Kevin has been writing some code for the microprocessor and Alan has wired a prototype on a protoboard. To get some practice assembling a unit, Tom attempts to make one with the parts we just received.

Here is a picture of the second prototype.
This prototype was useful to demonstrate an test the microprocessors code.
  These are some pictures of the control panels. The far left picture shows the control panels connected to the protoboard. The middle picture is the Multi-Use station. The right picture is the In-Room station.
             We learned a few things when building the prototype.
We did not realize that the LED's were going to exceed the current limitations of our processor. Luckily we determined this before assembling and applying power. Using transistors and re-assigning LED's fixed this.
2. Our buttons are not going to work! They are very fragile and come loose from their mounting. The problem was that we had to custom build plungers that connect to the buttons. This was very complex and time consuming. We will need new buttons.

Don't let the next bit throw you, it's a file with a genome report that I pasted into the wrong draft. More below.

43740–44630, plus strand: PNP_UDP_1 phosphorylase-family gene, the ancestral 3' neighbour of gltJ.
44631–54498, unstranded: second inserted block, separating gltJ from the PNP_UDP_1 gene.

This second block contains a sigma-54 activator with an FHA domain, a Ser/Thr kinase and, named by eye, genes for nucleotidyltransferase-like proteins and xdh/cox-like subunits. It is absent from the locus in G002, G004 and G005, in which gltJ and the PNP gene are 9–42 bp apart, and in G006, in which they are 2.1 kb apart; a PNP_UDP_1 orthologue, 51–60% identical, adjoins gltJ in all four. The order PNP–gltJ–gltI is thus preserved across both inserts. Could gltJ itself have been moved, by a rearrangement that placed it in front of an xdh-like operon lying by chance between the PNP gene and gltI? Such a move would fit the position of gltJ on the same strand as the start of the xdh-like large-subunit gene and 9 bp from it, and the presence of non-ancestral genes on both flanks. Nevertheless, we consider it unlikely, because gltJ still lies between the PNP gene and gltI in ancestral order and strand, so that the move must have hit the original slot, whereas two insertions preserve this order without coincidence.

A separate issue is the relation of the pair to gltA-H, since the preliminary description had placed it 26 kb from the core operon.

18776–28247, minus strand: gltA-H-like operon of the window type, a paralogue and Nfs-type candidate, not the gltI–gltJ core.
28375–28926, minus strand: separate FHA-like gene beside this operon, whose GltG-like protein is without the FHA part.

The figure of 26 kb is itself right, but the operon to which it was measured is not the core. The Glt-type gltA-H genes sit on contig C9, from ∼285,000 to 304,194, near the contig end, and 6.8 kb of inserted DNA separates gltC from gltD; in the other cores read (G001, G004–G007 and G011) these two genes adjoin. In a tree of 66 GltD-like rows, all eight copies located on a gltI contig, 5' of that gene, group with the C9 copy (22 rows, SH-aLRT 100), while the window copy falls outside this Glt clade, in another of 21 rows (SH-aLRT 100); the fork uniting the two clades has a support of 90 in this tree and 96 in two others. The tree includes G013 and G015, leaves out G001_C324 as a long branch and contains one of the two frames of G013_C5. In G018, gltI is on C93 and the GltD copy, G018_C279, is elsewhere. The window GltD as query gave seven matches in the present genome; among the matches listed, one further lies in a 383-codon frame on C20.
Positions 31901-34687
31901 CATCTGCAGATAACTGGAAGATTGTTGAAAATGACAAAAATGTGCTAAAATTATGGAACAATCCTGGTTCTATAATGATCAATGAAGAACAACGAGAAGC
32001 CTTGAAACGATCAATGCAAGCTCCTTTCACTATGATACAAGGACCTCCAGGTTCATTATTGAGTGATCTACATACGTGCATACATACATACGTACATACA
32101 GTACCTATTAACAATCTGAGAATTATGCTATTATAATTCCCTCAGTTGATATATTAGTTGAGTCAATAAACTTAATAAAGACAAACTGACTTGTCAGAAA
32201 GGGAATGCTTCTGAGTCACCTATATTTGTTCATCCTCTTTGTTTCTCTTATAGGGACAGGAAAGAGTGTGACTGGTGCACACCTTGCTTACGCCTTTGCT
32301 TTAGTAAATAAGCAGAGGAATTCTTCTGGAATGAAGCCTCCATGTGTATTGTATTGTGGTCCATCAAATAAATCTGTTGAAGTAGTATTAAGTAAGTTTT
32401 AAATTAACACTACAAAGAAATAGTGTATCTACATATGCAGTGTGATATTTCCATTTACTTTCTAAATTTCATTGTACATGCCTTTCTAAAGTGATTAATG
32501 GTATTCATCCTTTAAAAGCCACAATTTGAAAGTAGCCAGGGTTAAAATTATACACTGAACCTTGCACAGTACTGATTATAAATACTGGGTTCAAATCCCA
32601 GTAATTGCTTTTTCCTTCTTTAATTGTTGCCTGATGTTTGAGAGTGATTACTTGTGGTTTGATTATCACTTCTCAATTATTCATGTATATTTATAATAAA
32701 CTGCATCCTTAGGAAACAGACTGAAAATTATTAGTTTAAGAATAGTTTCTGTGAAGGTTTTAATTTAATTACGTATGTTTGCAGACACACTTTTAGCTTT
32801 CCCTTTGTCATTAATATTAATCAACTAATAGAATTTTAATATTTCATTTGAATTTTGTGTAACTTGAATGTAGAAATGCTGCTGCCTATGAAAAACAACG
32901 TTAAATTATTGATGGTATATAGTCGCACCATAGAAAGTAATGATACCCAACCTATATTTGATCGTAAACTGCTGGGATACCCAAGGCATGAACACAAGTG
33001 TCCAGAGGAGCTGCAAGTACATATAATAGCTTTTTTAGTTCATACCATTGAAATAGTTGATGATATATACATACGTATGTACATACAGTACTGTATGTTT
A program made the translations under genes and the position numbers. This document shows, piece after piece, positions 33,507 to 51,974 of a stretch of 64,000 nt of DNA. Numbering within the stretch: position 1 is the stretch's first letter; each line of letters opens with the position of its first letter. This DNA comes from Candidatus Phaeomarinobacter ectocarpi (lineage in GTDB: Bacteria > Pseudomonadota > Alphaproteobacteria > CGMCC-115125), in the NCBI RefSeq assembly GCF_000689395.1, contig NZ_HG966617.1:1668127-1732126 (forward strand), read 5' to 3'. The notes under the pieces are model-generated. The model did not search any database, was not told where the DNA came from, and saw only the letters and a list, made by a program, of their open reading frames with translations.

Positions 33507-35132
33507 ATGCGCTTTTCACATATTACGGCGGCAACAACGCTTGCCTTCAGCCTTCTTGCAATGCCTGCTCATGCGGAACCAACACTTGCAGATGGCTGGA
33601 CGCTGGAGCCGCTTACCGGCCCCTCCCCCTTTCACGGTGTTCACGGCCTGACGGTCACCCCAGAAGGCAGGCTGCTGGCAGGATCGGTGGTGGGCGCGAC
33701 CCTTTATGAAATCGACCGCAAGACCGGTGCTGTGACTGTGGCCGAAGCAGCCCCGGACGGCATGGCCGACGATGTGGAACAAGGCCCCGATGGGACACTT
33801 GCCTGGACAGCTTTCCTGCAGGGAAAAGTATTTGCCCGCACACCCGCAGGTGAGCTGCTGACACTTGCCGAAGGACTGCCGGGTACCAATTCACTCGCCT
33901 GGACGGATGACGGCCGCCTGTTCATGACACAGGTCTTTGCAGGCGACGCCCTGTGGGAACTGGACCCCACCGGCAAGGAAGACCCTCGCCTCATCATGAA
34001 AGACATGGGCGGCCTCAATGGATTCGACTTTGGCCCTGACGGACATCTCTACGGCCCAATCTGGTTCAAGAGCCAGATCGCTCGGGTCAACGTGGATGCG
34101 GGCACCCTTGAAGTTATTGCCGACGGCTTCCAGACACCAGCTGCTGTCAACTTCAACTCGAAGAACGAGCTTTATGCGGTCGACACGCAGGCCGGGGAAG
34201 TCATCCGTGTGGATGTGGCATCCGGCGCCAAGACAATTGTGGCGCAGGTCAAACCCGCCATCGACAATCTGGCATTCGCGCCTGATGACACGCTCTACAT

3. The 7-segment displays look a little vulnerable. We may need to build some sort of clear cover for them.

During the week we attempted to test the code and nothing worked. Apparently the prototype needed an external oscillator to function. We eventually get a 6MHz oscillator connected. Then we find that the program does not respond to the pushbuttons. Kevin and Alan work diligently on this problem and get a demonstration working by Saturday.

There was a design change to make the LED's active low. This required rewiring the prototype. Also, a change was made to have each LED controlled by separate I/O pins. Tom makes the changes and builds another simple prototype on a protoboard so that the communication can be tested. Also the RS485 communication chips are added. Both sets of protoboarded components are connected together to make one large protoboard
Kevin has updated the software to match the wiring changes. He also worked many of the bugs out of his code.
It is spring break but Bill and Tom work hard to build a working unit. It is extremely difficult to do since everything needs to fit on small circuit boards behind the light switch cover. The multi-use station requires at least two circuit boards in a stacked configuration. Here are some pictures.
Today Tom makes several clear plastic covers to protect the 7-segment displays. Tom has been working during this past week on building a vacuum form tool. This tool is used to clamp a sheet of plastic. This plastic is then heated until it is pliable enough to mold into a desired shape. A vacuum is then applied to shape the plastic to the mold. In our case the dual 7-segment displays are used as the mold. When finished, the plastic becomes a protective shell for the display. Click on the image to see more of this process.